• Methoxyflurane
      • Sevoflurane
      • Trichloroethylene
      • Xenon

    Questions for Further Discussion
    1. What consultants are available locally to manage suspected malignant hyperthermia?
    2. How does dantrolene work?
    3. Are patients with malignant hyperthermia more susceptible to heat illnesses?

    Related Cases

    To Learn More
    To view pediatric review articles on this topic from the past year check PubMed.

    Information prescriptions for patients can be found at MedlinePlus for these topics: Anesthesia and Muscle Disorders.

    To view current news articles on this topic check Google News.

    To view images related to this topic check Google Images.

    Brandom BW.
    The genetics of malignant hyperthermia.
    Anesthesiol Clin North America. 2005;23(4):615-9, viii.

    Dantrolene: Pediatric Drug Information. UpToDate.
    Available from the Internet at http://www.uptodateol.com/online/content/topic.do?topicKey=ped_drug/52419&selectedTitle=23~46&source=search_result (rev. 2008, cited 7/20/08).

    Malignant Hyperthermia Association of the United States. Medical Professionals
    Available from the Internet at http://medical.mhaus.org/ (rev. 2008, cited 7/20/08).

    Malignant Hyperthermia Association of the United States. Anesthetic Agent Choice for the MH-Susceptible Patient.
    Available from the Internet at http://medical.mhaus.org/index.cfm/fuseaction/Content.Display/PagePK/AnestheticList.cfm (cited 7/20/08).

    ACGME Competencies Highlighted by Case

  • Patient Care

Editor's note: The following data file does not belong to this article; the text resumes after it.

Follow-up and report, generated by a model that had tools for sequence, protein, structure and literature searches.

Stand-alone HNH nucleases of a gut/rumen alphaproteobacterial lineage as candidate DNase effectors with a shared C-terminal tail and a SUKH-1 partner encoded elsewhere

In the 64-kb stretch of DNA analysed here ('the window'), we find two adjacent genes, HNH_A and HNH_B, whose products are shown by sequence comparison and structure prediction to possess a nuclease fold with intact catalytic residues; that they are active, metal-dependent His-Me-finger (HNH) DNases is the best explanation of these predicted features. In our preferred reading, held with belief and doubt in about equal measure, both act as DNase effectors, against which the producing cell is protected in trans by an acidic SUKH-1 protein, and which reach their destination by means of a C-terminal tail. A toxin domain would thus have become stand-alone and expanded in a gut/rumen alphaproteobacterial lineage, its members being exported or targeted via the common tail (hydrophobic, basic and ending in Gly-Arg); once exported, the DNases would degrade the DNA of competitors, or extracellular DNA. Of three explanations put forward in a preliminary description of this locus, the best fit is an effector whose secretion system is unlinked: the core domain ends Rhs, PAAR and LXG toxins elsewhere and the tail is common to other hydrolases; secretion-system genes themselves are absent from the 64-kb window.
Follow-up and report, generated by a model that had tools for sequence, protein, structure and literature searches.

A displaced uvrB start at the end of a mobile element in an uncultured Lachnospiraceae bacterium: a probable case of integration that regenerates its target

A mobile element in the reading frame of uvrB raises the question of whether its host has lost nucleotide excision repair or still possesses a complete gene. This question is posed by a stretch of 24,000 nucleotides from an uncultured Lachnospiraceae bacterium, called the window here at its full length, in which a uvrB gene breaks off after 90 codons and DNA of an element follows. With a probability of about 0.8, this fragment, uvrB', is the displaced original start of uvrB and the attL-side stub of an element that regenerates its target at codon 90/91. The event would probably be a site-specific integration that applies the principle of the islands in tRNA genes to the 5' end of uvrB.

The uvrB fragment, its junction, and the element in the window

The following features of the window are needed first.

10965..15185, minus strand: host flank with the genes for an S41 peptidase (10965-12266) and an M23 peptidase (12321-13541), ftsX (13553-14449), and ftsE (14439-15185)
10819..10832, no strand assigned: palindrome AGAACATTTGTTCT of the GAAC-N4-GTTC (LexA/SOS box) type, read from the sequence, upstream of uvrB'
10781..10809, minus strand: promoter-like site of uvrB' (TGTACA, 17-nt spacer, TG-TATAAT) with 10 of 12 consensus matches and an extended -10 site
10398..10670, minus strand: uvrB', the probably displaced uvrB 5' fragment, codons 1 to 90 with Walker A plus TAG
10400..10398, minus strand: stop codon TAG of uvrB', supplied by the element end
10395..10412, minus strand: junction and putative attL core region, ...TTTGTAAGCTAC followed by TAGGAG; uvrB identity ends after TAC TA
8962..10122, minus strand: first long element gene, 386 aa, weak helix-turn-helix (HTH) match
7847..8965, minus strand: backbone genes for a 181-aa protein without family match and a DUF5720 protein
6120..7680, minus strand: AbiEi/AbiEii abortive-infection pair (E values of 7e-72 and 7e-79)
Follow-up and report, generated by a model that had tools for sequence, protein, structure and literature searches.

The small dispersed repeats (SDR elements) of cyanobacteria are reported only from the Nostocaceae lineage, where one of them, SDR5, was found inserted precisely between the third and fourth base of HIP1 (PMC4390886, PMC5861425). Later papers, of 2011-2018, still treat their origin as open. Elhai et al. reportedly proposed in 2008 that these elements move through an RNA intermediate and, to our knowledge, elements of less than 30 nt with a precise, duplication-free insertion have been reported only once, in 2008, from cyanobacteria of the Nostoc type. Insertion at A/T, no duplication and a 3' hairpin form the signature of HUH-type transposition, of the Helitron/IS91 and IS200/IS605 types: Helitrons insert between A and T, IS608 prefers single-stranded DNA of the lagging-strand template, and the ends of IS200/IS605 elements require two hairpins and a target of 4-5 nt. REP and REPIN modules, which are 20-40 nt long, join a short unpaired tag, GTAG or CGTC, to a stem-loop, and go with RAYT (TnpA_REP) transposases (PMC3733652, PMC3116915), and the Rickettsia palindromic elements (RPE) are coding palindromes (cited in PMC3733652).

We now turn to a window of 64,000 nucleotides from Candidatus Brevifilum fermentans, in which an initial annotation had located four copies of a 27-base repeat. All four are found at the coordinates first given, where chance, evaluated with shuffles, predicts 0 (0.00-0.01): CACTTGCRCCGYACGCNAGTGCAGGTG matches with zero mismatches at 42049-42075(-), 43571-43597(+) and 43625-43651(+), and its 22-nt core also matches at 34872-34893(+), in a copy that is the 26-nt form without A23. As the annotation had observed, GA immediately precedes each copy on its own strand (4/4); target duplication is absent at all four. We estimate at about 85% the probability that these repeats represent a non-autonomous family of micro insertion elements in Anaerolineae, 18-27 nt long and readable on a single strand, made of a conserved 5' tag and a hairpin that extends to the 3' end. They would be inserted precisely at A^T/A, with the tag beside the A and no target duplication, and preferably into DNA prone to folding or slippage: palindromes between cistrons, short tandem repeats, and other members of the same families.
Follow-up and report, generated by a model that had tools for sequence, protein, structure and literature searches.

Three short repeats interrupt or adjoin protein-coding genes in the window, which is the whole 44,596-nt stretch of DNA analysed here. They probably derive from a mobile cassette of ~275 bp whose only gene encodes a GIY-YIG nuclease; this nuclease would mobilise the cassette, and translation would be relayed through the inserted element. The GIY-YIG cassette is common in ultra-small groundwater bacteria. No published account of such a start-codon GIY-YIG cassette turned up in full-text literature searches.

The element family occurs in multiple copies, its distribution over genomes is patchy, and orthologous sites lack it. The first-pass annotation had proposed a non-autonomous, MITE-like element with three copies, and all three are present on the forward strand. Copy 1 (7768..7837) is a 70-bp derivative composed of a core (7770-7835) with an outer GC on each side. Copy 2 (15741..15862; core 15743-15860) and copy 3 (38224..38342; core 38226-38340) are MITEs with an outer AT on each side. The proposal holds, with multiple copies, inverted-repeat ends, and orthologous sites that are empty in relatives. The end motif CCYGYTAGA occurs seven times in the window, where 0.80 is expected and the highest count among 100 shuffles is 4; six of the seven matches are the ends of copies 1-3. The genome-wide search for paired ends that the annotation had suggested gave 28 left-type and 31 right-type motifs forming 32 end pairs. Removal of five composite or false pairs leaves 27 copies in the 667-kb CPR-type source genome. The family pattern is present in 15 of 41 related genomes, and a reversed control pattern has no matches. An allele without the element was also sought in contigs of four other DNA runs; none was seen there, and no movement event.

1. When interacting with patients and their families, the health care professional communicates effectively and demonstrates caring and respectful behaviors.
    2. Essential and accurate information about the patients’ is gathered.
    3. Informed decisions about diagnostic and therapeutic interventions based on patient information and preferences, up-to-date scientific evidence, and clinical judgment is made.
    4. Patient management plans are developed and carried out.
    5. Patients and their families are counseled and educated.
    6. Information technology to support patient care decisions and patient education is used.
    7. All medical and invasive procedures considered essential for the area of practice are competently performed.
    8. Health care services aimed at preventing health problems or maintaining health are provided.
    9. Patient-focused care is provided by working with health care professionals, including those from other disciplines.

  • Medical Knowledge
    10. An investigatory and analytic thinking approach to the clinical situation is demonstrated.
    11. Basic and clinically supportive sciences appropriate to their discipline are known and applied.

  • Practice Based Learning and Improvement
    12. Evidence from scientific studies related to the patients’ health problems is located, appraised and assimilated.
    13. Information about other populations of patients, especially the larger population from which this patient is drawn, is obtained and used.
    15. Information technology to manage information, access on-line medical information and support the healthcare professional’s own education is used.